Park Hyatt review, Bangkok, Thailand

Our rating

4.5 out of 5


Occupying the upper floors of Bangkok's new landmark structure – the twisting, figure-eight-shaped Central Embassy – Park Hyatt is located in the heart of Bangkok's shopping district, overlooking the greenery of the former British Embassy and with direct access to the BTS Skytrain.


From the moment you enter the minimalistic entrance lobby dominated by a cascading copper installation by renowned Japanese artist Hirotoshi Sawada​, it's clear that art plays more than just a decorative role in this hotel. The astounding private collection of Central Group CEO Tos Chirathivat​ rivals the best contemporary galleries in Bangkok, with thought-provoking works by Thai and international artists strategically placed throughout common areas. Standouts include a photograph of Bangkok's Chao Phraya River by German Andreas Gursky​, and jewel-hued butterfly and elephant-motif mixed media works by local artist Chatchai Puipia​; while Hirotoshi's Naga, wooden batons creating the form of a mythical serpent suspended above the Living Room is a masterpiece worth a visit alone. Even the outdoor spaces are sculptural, with an infinity pool teetering over the CBD flanked by terraced gardens and sunbaking decks.


Entering the enormous standard guest room is an OMG moment, with the Bangkok skyline at its most dazzling through floor-to-ceiling picture windows. The views are best captured from the comfy day lounge, while an egg-shaped tub in the adjoining bathroom is crying out for bubbles and a long soak under the gaze of twinkling lights. Decorated in soft neutrals, with white oak timber floors and sycamore veneer panelling, the room is surprisingly homely, with a separate loo, dressing room and study area. There's free Wi-Fi, universal plugs and USB charging, a Nespresso machine, art books for bathroom reading and automated blinds (if you can bear to block out that view).


Perched in the fin-like tip of this logic-defying building is The Penthouse Bar & Grill, a bold, masculine space featuring six venues over three floors: a Grill, Chef's Table, a whisky bar, cocktail lounge, mezzanine and a rooftop terrace with unbeatable views across the city. The menu at the Grill is naturally meat-heavy, with an open kitchen so you can watch the chefs sweat it out over the barbecue. Downstairs, overlooking the pool is Embassy Room, offering a more delicate seafood-inspired menu fusing Western and Eastern flavours – try the kingfish ceviche or mud crab served with fennel and dashi. An excellent buffet breakfast is also served here, with an all-day open Pantry featuring fresh juices, pastries and cold cuts, as well as a la carte choices. There is also a bar on the 7th floor, popular for alfresco sundowners.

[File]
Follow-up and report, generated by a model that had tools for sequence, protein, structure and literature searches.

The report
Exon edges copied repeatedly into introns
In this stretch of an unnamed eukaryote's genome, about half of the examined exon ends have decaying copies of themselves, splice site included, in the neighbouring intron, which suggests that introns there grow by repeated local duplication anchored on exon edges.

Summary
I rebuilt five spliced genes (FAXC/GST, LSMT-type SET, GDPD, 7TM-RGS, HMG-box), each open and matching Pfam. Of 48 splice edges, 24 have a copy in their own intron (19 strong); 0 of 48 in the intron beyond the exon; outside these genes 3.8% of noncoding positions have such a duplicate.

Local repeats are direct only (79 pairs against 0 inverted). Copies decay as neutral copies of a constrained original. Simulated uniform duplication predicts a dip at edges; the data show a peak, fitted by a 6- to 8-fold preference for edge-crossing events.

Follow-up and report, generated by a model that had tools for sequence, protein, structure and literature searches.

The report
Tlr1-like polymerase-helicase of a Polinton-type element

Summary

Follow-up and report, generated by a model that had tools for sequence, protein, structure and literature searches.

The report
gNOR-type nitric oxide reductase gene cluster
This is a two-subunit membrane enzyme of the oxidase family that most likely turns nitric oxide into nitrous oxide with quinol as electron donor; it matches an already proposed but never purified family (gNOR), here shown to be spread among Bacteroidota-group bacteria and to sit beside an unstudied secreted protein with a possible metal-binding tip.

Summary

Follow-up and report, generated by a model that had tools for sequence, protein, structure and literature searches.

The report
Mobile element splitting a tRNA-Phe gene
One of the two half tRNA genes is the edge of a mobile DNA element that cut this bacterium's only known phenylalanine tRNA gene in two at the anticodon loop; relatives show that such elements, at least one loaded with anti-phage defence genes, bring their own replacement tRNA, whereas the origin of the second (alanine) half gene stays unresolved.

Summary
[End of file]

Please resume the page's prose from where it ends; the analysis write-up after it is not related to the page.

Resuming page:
The hotel has direct access to Central Embassy, the newest and arguably most interesting of Bangkok's shopping malls. The lift deposits you in a concept shopping/dining/creative space called Open House, where you can taste artisanal produce and charge your phone as you lounge in a sofa reading a book. There's also a fab food hall in the basement, as well as the usual-suspect luxury brands to give the credit card a workout. With the Skytrain at your fingertips, the city is your oyster; I recommend first-timers take the train to Saphan Taksin station, then catch a ferry along the Chao Phraya River to Grand Palace or Chinatown. Also within walking distance of the hotel are two tranquil pockets of the city – Lumpini Park and the fascinating Jim Thompson House.


Fans of modern art and architecture will be in heaven in this tasteful, zen-like hotel; every nook (and there are many) offers a surprise. And those views … simply mesmerising.


A complementary slushee and ice-cold face towel delivered poolside is a welcome touch.


The hot water in the bathroom takes a long time to kick in.


Rooms at Park Hyatt Bangkok start at 9000 baht ($A356). See


The writer travelled as a guest of Park Hyatt Bangkok and Thai Airways.